Still, I can’t help calling out a few notable points that surfaced in this week’s story.

This time, they’re focused on improvements between Portland and Seattle, which, Griffin said, cut 10 minutes off a three hour, 40 minute trip. He doesn’t say how much the improvements cost, but he does mention that Washington state got $800 million of stimulus high-speed rail money, “mostly” for these rail improvements. (A small portion of those funds were actually appropriated in 2010, separate from the stimulus.)

If it makes him feel any better, the rest of Washington’s stimulus money for transportation was spent like this:

Read more…

18 Comments

Parking Madness: Cleveland vs. Spokane

Another day, another parking atrocity. Eight cities have already faced off in Parking Madness, where we attempt to find the worst parking crater in an American downtown. Milwaukee, Tulsa, Dallas and Louisville emerged victorious in the first half of the first round.

But there’s still a good number of cities with parking wastelands yet to be sufficiently ridiculed. On the agenda today, two formidable contenders: Cleveland, Ohio vs. Spokane, Washington.

First, let’s look at Cleveland’s Warehouse District:

This animated gif, which uses images from the urbanism blog I run in my spare time, Rust Wire, shows the neighborhood in the 1970s versus today.

These days, the Warehouse District is actually a pretty happening part of Cleveland. The area has been redeveloped with nice restaurants, coffee shops, a specialty grocer, and hundreds of apartments. Close to 3,000 people currently live in the Warehouse District.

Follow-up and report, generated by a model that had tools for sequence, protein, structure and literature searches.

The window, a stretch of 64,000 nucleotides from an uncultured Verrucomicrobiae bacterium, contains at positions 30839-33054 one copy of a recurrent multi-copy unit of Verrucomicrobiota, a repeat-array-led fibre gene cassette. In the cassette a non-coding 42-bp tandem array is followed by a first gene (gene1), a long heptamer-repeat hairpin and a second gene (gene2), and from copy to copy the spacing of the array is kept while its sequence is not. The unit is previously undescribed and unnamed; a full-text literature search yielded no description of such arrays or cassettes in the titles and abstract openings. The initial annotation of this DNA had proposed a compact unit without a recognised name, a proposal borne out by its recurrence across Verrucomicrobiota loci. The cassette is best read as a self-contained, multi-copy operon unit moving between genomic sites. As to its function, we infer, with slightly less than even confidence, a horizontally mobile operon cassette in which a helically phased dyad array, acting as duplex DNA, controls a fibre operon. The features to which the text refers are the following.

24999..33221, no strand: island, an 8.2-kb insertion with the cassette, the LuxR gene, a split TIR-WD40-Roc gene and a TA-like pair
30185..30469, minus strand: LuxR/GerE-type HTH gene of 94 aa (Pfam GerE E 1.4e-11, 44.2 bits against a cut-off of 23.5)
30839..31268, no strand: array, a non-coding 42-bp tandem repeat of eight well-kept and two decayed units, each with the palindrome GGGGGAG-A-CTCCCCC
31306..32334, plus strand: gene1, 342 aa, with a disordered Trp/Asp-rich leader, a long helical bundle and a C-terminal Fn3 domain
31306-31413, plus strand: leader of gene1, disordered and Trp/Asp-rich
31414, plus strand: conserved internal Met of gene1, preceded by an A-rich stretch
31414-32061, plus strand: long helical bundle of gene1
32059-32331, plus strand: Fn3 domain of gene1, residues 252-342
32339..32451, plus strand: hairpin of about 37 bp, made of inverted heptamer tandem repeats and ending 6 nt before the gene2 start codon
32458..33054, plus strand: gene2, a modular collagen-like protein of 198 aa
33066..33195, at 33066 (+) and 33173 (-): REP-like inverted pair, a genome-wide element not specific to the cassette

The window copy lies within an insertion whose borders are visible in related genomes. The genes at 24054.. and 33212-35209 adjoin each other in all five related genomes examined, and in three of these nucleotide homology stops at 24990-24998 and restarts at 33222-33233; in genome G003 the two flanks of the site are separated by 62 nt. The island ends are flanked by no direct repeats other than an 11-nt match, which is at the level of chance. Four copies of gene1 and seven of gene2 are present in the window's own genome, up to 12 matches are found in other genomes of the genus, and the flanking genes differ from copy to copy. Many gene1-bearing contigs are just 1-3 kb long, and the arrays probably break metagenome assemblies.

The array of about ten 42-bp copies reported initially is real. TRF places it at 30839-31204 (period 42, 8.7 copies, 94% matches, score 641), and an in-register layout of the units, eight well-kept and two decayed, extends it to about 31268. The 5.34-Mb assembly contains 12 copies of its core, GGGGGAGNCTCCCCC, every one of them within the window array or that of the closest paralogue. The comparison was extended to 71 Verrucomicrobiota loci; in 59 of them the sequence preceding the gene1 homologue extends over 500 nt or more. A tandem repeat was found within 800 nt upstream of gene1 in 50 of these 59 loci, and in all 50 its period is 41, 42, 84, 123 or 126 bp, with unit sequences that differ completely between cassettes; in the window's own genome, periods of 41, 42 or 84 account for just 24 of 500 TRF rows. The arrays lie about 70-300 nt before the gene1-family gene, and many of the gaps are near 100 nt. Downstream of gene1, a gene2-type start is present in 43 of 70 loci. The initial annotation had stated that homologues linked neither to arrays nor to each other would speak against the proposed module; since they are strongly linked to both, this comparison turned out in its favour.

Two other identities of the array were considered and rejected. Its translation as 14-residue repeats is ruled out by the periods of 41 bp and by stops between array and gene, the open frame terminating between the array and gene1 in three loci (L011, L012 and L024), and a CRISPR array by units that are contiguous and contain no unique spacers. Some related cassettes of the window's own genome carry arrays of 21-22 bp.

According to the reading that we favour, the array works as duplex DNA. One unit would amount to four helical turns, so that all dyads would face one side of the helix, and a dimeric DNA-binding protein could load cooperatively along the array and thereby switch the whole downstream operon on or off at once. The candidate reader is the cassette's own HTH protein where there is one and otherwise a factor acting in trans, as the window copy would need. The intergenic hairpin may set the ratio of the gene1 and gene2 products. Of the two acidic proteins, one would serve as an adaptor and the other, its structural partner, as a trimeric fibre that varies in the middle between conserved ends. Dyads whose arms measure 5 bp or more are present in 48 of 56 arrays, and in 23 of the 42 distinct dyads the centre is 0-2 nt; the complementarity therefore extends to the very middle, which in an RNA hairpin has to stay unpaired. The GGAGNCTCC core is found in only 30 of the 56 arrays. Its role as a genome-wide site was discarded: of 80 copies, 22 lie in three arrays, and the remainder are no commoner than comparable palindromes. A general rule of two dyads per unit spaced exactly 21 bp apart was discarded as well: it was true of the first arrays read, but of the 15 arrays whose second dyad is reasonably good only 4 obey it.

But this parking expanse creates a no-man’s land between two of downtown Cleveland’s most popular areas — the Warehouse District and East Fourth Street — discouraging walking between the two districts and thus weakening downtown Cleveland immeasurably.

Meanwhile in Spokane, we have a special kind of parking disaster: the convention center parking crater. Here’s the before and after:

Read more…

2 Comments

Patty Murray as Senate Budget Chief: What It Means for Transportation

In transportation circles, all eyes are on Rep. Bill Shuster, who was just tapped to head the Transportation and Infrastructure Committee in the House. And you may have heard about how GOP leadership appointed a climate change denier to head the House Committee on Science. But on the Senate side, there’s some good news for advocates of sustainable transportation coming out of the appointment process this week.

How will Washington Senator Patty Murray use her new post as chair of the Senate Budget Committee to shape national transportation policy? Photo: Katu.com

Senator Patty Murray (D-WA) is set to take over the top role on the powerful Senate Budget Committee.

“Senator Murray is a strong supporter of transportation investments (including ports and rail infrastructure), livability programs, enhancements, and the TIGER program in particular,” said David Burwell, director of the Energy and Climate Program at the Carnegie Endowment. He added that the budget chair position “will put her in a very powerful position to craft the entire federal budget.”

Ben Schiendelman of Seattle Transit Blog said the 20-year Senate veteran is known for winning appropriations for local transportation projects. The blog has endorsed her in the past.

“She seems to be a strong transit supporter,” said Schiendelman. “She’s landed us $1.8 billion in transit funding that I can think of in the last decade.”

Bike advocates in her home state also seem to have had a receptive audience in Murray. ”She’s generally supportive and coming from a state with strong state and local advocacy, in the form of Cascade Bicycle Club and the Bicycle Alliance of Washington,” said Darren Flusche, of the League of American Bicyclists.

Her record isn’t without its blemishes, however. Murray has been a big supporter of Portland’s $3.2 billion Columbia River Crossing project, a highway bridge boondoggle, which is designed to speed commutes for residents of the Portland suburb of Vancouver, Washington, according to the Oregonian. One of the major hurdles to that project is funding, both federal, state, and local. Murray as budget chair could play a large role in deciding the project’s future.